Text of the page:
For retro analogue photography app Hipstamatic, it's all about demonstrating the cool features, as well as the look, feel and intuitive navigation of the app, in as engaging a fashion as possible to draw users in.
At the top of the page, a scrolling gallery strip showcases the 'Hipstamatic aesthetic' in practice, while an enormous iPhone demonstrates the app's functionality on a loop alongside the prominent strapline: "Digital photography never looked so analogue".
Once you're sold, the final call to action comes underneath with a giant app icon inviting you to "tap the yellow button and easily bring your world to life".
A great way to persuade users to part with their details is to offer something free in return. For Square, this is the company's credit card reader, which enables small businesses to process payments using their mobile device. And the small amount of information and time required to complete the process (tapping in an email address and password) is a very low barrier to entry.
Like Squarespace, Square has three equally well-designed landing pages to scroll through: the other two push registration for the service and the company's Square Wallet app respectively. Prominent hero images and calls to action that leave no doubt where to click makes this a shining example of landing page design.
It's no surprise that the undisputed masters of industrial design can knock together a decent website, and the effortless simplicity of Apple.com helped scoop it a D&AD Black Pencil in 2010.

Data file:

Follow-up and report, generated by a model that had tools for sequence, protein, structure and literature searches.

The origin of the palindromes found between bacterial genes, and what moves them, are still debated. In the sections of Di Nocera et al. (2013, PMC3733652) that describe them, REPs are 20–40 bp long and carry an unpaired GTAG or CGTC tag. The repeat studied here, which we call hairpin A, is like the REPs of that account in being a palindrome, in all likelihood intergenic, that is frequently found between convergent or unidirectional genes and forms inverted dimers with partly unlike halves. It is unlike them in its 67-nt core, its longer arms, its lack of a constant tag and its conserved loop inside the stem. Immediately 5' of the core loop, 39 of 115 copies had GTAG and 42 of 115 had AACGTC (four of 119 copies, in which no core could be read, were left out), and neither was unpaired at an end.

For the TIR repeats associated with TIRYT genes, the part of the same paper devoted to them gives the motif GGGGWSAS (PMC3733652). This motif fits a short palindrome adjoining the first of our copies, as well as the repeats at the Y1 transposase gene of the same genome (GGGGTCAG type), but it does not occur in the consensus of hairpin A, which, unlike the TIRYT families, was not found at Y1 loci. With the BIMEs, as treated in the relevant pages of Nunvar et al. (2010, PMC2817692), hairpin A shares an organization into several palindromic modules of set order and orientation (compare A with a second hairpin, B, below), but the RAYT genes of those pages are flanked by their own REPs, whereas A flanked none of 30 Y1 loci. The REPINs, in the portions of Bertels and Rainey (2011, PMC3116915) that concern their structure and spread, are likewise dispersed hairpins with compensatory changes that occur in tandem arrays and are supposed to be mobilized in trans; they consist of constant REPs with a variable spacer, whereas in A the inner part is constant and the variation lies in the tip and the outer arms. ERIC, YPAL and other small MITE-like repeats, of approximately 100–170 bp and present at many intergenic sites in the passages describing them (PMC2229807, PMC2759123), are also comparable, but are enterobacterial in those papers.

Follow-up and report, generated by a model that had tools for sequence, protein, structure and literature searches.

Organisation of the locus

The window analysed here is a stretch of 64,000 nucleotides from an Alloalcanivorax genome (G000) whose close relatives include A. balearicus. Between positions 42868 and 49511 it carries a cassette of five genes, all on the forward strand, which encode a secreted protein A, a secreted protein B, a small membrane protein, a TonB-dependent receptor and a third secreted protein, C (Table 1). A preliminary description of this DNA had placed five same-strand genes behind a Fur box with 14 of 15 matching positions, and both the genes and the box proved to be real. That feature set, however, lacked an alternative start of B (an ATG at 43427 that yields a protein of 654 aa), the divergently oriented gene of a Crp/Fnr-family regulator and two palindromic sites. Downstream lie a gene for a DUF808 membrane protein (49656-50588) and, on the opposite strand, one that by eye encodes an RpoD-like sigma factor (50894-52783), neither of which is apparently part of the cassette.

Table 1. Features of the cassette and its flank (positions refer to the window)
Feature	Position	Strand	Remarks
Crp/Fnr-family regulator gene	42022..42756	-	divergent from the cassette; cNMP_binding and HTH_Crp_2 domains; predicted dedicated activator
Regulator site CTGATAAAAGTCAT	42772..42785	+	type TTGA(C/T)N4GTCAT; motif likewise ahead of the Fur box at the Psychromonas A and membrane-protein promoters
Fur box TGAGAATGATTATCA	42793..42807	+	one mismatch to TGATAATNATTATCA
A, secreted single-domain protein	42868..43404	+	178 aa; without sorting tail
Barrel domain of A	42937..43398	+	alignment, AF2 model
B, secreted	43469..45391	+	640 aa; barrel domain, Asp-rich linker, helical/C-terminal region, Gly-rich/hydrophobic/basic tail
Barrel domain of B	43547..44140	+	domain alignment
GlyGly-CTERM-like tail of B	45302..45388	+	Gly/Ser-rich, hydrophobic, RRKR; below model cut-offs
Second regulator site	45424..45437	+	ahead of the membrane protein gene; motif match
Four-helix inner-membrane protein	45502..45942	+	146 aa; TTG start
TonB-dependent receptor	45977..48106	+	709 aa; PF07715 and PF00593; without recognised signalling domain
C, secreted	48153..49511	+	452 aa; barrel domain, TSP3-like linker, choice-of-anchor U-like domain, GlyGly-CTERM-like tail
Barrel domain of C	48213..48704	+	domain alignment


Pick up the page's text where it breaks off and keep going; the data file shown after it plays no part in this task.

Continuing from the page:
Depending on the hot product(s) of the moment, the homepage slices through the company's extensive product range and zeroes in on just one. Besides the simple navigation bar across the top, it's just beautifully shot product photography, a line of clean type and two links: 'Learn more' goes deeper into features and functionality, while a video link showcases it in true Apple keynote style. It's a true masterclass in landing page design.
Pinterest knows what it wants, and is in no mood to beat about the bush getting it: it's sign up, or nothing. The popular online scrapbook is confident enough in its brand and burgeoning reputation not to worry too hard about selling itself, or giving users an opportunity to browse around some pinboards and risk getting sidetracked.
Interestingly, there are different browser-specific straplines: Firefox tells of "a few (million) of your favorite things", Chrome has the more perfunctory line "plan projects, start collections and more", while Safari implores you to "collect and organize the things you love". But the only place to click on any of them is that all-important 'sign up' button.
Streaming music service Rdio offers a great example of a landing page with a beautifully simple call-to-action above the fold. A vibrant hero image in rainbow shades sits below the punchy, engaging strap line, "Discover music. Start listening free", and a bold blue 'Continue' button opposite.
If this isn't enough to convince you, you'll encounter more depth and detail by scrolling down, with descriptions of key features and USPs, platforms available, a selection of tracks and so on, within horizontal strips of bold, flat colour. Finally, the obligatory social media links give another option for staying in touch with those users who don't sign up right away.
This is an updated version of an article that previously appeared on Creative Bloq. Let us know what we should add in a future update in the comments below!